Tyranny of numbers

New GDP data in Iran: is recovery underway?

Posted in General, Macroeconomy by Djavad on October 10, 2014

In its recent quarterly Economic Trends, the Central Bank of Iran reported that the economy grew by 4.6% last spring (which corresponds to the first quarter of the Iranian year 1393 and the second quarter of 2014).  What appears to be straightforward reporting of macroeconomic facts has caused much controversy in the Iranian media.  Controversy is part and parcel of economic data in Iran, so nothing is new there, but in this case the facts themselves are not as straightforward as one might think.  Mr. Rouhani and his economic team insist that the numbers are a firm sign that the recession has ended, while the opposition dismisses the news as bogus.

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Recording a lackluster economic performance in Iran

Posted in General, Macroeconomy, Sanctions by Djavad on August 4, 2014

Today is the first anniversary of President Rouhani in office, so I wrote a piece for Lobelog.com reviewing the economy’s performance.  I noted his accomplishments –lower inflation, stopping or slowing down economic free fall and above all lifting business spirits —  and setback — continued loss of jobs in industry right up to this summer.  The fact that I am able to claim the latter is because of another accomplishment of his government, which I did not note in that piece — timely release of economic data.

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What do job numbers say about economic recovery in Iran?

Posted in Employment, General, Macroeconomy, Unemployment by Djavad on July 24, 2014

The most recent labor force survey (LFS) results for spring, 2014, that Iran’s Statistical Center released last week must be disappointing for Rouhani’s economics team.  This survey, which  is collected quarterly and is put out with remarkable speed, is the only official data that give us a sense of how the economy has been doing most recently.  The short report shows job gains in agriculture (by 25%), which may be mostly seasonal, and services (by 2%), while industry lost jobs (by 1.3%).  The fewer number of jobs in industry is disappointing because the main benefits of the agreement between Iran and the 5+1 signed last November were expected to come in industry.  The employment picture that LFS paints for industry is not very complimentary for Rouhani’s first year in office.  Industrial employment, according to LFS, has been declining since he took office a year ago.  Last summer, more than 7.5 million workers were employed in industry, 9 months later fewer than 7 million are working there.   Agriculture and services have also lost since then, though by less, for a total of one million jobs lost since he took office.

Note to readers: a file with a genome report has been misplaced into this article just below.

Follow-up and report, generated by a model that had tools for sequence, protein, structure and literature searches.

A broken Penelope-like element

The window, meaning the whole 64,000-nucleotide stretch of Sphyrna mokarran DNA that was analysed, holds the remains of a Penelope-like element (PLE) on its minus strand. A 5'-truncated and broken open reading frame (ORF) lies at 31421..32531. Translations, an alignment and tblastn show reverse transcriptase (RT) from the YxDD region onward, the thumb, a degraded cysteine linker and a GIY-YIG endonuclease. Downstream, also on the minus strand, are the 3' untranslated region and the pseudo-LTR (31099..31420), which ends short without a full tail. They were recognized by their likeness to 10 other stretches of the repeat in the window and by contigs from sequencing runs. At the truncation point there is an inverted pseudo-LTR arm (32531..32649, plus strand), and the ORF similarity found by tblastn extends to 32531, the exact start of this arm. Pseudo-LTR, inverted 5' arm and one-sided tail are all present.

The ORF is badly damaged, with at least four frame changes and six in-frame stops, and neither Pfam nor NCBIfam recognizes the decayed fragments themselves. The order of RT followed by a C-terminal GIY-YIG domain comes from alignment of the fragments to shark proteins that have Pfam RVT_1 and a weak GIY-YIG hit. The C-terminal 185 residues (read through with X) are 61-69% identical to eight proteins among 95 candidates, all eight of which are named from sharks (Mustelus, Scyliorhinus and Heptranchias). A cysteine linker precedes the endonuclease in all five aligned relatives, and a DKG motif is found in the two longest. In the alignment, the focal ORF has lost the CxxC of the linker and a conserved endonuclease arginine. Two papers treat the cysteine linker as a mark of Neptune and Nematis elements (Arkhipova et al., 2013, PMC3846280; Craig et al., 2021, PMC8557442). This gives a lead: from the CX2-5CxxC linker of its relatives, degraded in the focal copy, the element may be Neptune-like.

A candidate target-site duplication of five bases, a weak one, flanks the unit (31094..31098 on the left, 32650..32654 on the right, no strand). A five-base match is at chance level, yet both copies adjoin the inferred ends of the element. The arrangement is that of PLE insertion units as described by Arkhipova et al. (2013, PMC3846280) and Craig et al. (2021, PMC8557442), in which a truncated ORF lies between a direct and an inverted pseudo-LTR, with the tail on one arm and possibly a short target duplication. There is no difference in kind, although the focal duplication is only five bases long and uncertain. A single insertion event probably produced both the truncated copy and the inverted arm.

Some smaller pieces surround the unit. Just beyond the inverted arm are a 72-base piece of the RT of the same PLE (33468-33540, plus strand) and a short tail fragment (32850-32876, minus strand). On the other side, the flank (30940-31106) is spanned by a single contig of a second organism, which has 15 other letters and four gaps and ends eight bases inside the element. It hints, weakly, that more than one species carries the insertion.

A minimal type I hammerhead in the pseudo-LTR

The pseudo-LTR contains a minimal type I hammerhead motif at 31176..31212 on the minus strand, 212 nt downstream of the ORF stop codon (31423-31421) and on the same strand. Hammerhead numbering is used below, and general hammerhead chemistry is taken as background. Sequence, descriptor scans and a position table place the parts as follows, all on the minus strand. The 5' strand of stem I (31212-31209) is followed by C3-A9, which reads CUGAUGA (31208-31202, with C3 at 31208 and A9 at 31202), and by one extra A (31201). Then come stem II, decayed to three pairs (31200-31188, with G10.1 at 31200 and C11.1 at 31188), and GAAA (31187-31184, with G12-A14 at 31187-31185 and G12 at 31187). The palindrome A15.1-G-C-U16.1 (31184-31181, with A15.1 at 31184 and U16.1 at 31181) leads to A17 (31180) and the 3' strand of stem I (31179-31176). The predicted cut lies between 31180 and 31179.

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Reading Piketty in Tehran

Posted in Employment, General, Inequality, Macroeconomy by Djavad on July 11, 2014

If you are someone who pays attention to economic news and have not been hiding in a cave for the past few months, you must have heard of the famous book by the French economist Thomas Piketty, Capital in the Twenty-First Century.  Since its translation was published in English earlier this year, it has sold more than half a million copies, which is astonishing for a book with many tables and charts (a publisher once told me that each chart cuts sales by 10%  — there goes that bit of wisdom).

Last month people were also talking about Piletty’s book in Tehran, and this month’s Mehrnameh, published this week, has a section discussing it, including a short interview by yours truly.   I must confess, as I did to the interviewer, that like most people who have bought the book, so far, I have only read the introduction (I have read, however, many of the book reviews — more pages of reviewes than of the book itself! Read an excellent early review by Branko Milanovic here). (more…)